movement against the Congress. As the century was drawing to its close, the British attitude became more hostile to the Congress under Lord Curzon. His greatest ambition was to assist the Congress to a peaceful demise. However he took certain steps which only fanned the nationalist discontent. In an autocratic manner he tried to control the university education and decreed the partition of Bengal. This led to a strong national awakening. During this period general impression grew that they (the Moderates) werepolitical mendicants, only petitioning and praying to the British Government for petty concessions. As you have studied earlier, the Moderates had played an important role at a critical period in the history of Indian nationalism. If fact, the flowering of the Moderate thought was the culmination of a tradition which can be traced back to Raja Rammohun Roy, who stood for the rational, liberal tradition of contemporary Europe. His ideas of reforms ultimately provided the basis for the demands put forward by the early Congress. As with Rammohun, so with the early Congress leaders, the presence of the British administration was important for continued political progress. Quite understandably, their language was cautious and their expectation moderate. But with changing times, the Moderates also began to alter their position. By 1905 Gokhale had started speaking of self-rule as the goal and in 1906 it was Dadabhai Naoroji who mentioned the word Swaraj as the goal of the Congress. Even so, the Moderates found themselves in a tight corner with the emergence of extremist leadership within the congress. The British authorities also doubted their bonafides. The extremists were attracting youthful section among the political activists. The well-meaning, loyal, but patriotic, Moderates could no longer cut ice before the manoeuvring of the British bureaucracy. In the changed situation Extremists came to the centre stage of the Congress.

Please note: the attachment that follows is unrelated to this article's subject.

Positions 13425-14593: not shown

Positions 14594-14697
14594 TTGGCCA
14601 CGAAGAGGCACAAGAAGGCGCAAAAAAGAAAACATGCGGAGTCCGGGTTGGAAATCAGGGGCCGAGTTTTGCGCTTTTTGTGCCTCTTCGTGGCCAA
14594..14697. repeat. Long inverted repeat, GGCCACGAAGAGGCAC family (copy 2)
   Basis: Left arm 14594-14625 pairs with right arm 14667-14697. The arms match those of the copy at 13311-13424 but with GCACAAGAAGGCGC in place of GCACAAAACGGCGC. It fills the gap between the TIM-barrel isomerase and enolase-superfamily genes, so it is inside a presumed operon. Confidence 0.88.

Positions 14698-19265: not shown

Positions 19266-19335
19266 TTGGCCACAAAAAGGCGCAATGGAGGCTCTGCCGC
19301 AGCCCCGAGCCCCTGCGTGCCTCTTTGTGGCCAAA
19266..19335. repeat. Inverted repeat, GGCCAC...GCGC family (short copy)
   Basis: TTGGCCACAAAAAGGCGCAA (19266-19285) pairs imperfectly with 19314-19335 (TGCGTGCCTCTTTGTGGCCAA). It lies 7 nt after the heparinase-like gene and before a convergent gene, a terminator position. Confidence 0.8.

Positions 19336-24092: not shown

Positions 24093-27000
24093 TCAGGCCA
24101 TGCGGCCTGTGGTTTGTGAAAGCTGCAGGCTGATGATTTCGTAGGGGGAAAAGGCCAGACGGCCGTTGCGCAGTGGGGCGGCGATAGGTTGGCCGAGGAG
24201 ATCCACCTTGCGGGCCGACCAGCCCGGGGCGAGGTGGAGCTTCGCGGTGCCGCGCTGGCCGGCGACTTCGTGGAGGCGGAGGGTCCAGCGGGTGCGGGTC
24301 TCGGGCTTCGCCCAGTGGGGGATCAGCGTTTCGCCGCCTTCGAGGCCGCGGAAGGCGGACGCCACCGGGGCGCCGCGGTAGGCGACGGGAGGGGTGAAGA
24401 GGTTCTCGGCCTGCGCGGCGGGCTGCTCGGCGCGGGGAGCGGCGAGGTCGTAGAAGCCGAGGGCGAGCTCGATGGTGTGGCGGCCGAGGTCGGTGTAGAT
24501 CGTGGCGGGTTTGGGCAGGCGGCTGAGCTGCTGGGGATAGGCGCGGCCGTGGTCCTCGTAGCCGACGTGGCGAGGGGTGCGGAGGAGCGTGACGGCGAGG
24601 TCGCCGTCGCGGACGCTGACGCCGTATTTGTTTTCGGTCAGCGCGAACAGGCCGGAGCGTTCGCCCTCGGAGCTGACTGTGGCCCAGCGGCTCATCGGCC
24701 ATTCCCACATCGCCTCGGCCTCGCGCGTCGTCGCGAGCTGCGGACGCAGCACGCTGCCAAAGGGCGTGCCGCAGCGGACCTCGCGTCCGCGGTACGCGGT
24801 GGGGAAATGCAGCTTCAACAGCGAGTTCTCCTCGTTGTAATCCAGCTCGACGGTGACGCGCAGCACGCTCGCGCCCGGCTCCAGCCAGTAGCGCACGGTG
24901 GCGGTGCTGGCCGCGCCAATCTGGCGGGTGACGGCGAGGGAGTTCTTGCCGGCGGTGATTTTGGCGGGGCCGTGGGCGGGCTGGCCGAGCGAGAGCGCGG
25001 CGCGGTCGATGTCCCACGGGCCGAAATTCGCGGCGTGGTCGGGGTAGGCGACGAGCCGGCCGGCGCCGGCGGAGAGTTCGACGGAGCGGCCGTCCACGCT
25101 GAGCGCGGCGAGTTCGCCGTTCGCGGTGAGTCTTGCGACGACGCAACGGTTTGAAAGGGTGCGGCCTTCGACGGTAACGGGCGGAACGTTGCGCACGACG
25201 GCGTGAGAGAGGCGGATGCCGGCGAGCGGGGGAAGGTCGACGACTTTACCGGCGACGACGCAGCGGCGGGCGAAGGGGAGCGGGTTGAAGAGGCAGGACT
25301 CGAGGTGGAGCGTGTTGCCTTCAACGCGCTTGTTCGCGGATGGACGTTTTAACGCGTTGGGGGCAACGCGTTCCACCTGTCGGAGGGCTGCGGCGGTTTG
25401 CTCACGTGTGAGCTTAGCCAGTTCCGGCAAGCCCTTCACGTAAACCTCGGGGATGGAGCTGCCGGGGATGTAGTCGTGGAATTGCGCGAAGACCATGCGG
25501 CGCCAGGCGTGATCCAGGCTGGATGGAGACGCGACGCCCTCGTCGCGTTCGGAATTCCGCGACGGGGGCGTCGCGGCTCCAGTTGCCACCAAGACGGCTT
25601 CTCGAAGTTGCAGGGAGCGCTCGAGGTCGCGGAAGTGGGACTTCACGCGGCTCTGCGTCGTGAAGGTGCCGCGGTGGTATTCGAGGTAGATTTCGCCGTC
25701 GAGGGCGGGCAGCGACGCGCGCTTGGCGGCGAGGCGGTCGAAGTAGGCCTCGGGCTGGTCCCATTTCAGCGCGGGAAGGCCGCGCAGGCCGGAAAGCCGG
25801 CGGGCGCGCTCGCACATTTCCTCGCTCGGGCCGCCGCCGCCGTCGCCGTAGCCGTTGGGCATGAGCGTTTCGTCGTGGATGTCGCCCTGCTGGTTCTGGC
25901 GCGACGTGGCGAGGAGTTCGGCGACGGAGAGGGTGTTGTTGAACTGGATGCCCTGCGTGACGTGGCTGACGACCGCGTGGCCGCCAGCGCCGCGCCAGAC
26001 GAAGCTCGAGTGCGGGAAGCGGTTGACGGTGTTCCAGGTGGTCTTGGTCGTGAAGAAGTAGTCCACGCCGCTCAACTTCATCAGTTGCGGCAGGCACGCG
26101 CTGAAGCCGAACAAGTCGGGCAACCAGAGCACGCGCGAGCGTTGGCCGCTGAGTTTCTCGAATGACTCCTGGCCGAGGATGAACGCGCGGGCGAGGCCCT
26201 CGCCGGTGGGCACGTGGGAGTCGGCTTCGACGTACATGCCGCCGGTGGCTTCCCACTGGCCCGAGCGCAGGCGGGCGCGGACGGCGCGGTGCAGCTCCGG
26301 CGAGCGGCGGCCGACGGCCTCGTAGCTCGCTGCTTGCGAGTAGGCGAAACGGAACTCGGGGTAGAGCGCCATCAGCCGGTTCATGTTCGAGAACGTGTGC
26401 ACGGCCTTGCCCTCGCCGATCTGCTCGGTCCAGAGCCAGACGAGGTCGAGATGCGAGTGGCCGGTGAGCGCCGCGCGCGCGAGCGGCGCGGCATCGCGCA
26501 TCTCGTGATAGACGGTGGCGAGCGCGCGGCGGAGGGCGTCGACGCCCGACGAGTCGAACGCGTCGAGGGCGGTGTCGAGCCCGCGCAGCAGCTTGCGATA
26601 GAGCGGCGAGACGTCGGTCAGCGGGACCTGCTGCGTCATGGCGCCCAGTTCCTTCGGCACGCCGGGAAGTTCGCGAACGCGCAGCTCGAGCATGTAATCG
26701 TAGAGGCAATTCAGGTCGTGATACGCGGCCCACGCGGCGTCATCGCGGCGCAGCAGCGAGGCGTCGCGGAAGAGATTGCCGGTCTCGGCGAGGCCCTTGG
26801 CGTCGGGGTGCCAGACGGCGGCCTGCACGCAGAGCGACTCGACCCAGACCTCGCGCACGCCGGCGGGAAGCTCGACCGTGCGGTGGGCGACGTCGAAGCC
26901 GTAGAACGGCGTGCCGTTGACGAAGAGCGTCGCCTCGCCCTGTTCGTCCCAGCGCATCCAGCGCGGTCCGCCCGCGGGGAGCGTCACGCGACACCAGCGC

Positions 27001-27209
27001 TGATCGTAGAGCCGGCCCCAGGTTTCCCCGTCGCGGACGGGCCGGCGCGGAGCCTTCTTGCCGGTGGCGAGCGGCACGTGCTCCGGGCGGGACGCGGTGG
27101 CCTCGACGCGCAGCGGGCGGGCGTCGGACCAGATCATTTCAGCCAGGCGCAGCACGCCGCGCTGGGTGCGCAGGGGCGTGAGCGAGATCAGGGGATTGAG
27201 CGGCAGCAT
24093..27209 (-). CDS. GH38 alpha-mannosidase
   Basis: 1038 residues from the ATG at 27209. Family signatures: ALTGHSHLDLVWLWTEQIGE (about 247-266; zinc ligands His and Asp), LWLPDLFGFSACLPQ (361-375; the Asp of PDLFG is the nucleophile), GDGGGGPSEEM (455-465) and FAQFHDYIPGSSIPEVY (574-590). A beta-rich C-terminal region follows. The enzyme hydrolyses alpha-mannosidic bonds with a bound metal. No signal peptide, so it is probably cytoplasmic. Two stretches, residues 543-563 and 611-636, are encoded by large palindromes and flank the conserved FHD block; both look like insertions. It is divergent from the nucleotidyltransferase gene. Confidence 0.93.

Check Your Progress 2 1 List 5 main demands of the Congress during 1885-1905.

ii) iii) iv)

................................................................... .................................................................... ..................................................................

2 What was the critique of economic policies of the Raj put forward by early nationalists?


THE EXTREMISTS Extremism in the Indian National scene did not spring up all of a sudden in the first decade ol' the twentieth century. In fact it had been growing slowly but invisibly since the Revolt of

1x57 itself.

10.4.1 Ideological Basis of Extremism The nationalist ideas behind the Revolt of 1857, according to the Extremists, were Snudllarma and Swaraj. Attachment to rationalism and western ideals had almost alienated the 'Liberal' (Moderate) school from the masses in India. That is why despite their high 'idealism, they failed to make any effective impact on the people. In due course a section was bound to come to fill this gap. In the place of adoration and imitation of all things Western, there was a movement by the eighties of the nineteenth century urging people to look to their ancient civilisation. An under-current of this type had existed earlier but during the

Indian National Congress : Moderates and Extremists


Modern India 1857 1964

Revolt of 1857 it had suddenly burst into open. However, the bnglish educated community by and large had kept itself aloof from the main current of Indiap life and remained untouched by this trend. The historic task of bridging the gulf &tween the educated few and the general people was accomplished by Paramahamsa Ramakribhna and his Englisheducated disciple, Swami Vivekananda. Swami Dayananda, wh was well-versed in Vedic literature and the Arya Samaj founded by him also played a vit role in this direction. The Eclectic Theosophical Society of Annie Besant too made a conqibution. These social reform movements gave impetus to political radicalism. There was instihctive attachment to native culture, religion and polity. The political radicals who derived ir/spiration from their traditional cultural values were ardent nationalists who wanted t~ have relations with other countries in terms of equality and self respect. They had tremendous sense of self respect and wanted to keep their heads high. They opposed the moderates who were considered by them to be servile and respectful to the British. To the Extremists, emancipation meant something much deeper and wider.than politics. To them it was a matter of invigorating and energising all departments of life. They thought that a trial of strength between the ruler and the ruled was inevitable, and argued for building a new India of their dreams in which the British had no contribution to make.